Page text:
What is your background in dance and special needs?
I started dance at the age of 3, and competed all the way through my University years in jazz, tap, musical theatre, hip hop lyrical, ballet, etc. In University I started the Varsity Dance team at UOIT, and also organized and hosted a University/College Competition for three successful years; I have always believed in creating opportunities to dance. I grew up volunteering as an assistant teacher in many young dance classes at Dance Elite and knew that teaching kids was something I was very passionate about. I later obtained my certification to teach dance through the Canadian Dance Teacher’s Association and have been teaching classes at Dance Elite for four years.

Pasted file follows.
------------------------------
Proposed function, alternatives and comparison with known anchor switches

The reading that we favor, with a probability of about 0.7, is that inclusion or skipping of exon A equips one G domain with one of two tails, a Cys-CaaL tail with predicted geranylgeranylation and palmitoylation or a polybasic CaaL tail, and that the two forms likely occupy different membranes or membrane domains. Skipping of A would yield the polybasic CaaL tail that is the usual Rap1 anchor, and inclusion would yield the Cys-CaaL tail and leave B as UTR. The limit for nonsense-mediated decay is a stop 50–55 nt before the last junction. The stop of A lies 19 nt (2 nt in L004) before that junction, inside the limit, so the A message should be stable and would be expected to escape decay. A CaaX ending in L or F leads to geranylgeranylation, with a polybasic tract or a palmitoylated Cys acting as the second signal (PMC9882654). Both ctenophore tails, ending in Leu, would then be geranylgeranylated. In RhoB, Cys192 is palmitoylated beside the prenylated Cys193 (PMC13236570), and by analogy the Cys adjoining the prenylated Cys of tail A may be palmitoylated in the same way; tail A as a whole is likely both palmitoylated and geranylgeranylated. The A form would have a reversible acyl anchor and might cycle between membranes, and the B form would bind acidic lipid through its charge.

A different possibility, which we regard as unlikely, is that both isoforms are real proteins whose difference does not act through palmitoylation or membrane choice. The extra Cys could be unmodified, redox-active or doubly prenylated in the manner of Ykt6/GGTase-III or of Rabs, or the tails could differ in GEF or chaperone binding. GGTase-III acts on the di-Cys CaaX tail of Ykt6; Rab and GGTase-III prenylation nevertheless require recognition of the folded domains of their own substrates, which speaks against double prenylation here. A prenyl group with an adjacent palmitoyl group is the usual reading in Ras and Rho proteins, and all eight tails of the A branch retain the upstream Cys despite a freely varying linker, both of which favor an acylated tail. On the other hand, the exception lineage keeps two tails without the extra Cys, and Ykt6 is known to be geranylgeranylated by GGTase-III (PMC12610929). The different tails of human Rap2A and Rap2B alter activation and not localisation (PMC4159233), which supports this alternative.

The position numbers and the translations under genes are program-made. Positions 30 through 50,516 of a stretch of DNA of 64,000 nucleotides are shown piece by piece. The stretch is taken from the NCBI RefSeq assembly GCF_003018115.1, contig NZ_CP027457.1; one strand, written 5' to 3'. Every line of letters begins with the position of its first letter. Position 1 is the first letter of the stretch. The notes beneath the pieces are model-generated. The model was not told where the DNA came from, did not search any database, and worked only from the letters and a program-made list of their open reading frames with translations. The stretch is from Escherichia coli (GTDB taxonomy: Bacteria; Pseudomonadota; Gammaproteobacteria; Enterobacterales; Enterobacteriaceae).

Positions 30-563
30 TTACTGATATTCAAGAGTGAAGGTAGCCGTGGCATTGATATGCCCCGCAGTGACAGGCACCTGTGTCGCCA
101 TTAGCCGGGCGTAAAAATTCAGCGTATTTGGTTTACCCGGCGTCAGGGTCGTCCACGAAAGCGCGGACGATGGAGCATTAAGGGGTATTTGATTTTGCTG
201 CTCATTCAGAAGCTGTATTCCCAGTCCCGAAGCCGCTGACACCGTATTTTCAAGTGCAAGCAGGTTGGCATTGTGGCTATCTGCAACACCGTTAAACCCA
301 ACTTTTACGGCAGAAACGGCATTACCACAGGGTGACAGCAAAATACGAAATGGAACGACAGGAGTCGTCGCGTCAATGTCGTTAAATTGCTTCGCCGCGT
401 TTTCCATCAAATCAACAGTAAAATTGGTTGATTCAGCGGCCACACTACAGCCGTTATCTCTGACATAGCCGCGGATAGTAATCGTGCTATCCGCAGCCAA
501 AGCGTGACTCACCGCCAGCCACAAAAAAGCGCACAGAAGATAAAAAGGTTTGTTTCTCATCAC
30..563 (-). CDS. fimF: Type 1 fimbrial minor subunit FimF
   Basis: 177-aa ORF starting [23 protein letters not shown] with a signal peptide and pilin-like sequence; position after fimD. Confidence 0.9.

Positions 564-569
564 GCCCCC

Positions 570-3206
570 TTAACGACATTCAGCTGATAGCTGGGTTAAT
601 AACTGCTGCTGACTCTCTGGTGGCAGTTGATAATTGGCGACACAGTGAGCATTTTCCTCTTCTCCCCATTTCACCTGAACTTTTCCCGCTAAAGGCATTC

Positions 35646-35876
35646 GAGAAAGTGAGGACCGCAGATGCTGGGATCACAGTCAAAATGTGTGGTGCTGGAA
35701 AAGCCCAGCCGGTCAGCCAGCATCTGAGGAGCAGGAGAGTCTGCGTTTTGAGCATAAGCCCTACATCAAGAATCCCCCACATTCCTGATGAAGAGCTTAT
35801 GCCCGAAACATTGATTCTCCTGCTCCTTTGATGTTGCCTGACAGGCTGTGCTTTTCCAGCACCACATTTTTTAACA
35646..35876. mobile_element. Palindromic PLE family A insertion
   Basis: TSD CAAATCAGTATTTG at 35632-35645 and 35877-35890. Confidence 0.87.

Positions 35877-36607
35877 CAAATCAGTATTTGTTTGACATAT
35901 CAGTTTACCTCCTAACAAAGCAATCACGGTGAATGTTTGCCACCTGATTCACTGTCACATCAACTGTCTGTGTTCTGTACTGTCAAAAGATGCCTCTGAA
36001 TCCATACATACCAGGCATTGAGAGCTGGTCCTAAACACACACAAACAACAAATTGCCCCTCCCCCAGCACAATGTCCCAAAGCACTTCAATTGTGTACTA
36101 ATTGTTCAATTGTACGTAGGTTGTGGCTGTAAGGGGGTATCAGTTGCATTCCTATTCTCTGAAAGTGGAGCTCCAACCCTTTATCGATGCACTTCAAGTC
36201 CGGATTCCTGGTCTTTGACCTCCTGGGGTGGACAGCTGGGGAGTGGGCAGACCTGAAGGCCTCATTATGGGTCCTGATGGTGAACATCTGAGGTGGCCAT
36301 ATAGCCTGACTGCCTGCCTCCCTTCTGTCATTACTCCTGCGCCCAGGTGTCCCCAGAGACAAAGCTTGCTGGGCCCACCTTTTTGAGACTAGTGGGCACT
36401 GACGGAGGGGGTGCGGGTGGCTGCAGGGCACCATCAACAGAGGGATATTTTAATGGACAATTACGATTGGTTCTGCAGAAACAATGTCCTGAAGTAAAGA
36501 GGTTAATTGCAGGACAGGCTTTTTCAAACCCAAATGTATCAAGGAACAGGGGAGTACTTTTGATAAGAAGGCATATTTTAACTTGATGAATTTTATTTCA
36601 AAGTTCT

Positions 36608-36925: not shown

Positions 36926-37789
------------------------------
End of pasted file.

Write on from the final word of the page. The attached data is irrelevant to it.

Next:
My personal experiences with children with special needs began at a young age when I babysat a young boy with Fragile X syndrome. Getting to know this boy was really inspiring for me, he had a big impact on my perspectives at that young age. Looking back now it is interesting because his mom was one of my dance teachers, and he himself had taken preschool ballet (maybe this was an early sign for me!).
In high school I took a Peer Tutoring and Mentorship course in which I had the opportunity to work in a GLE classroom with students with various needs. I have also worked as a special needs counselor for summer camps, coached a Challenge League baseball team for boys with special needs in Oshawa, and volunteered for Best Buddies – Community Living at UOIT.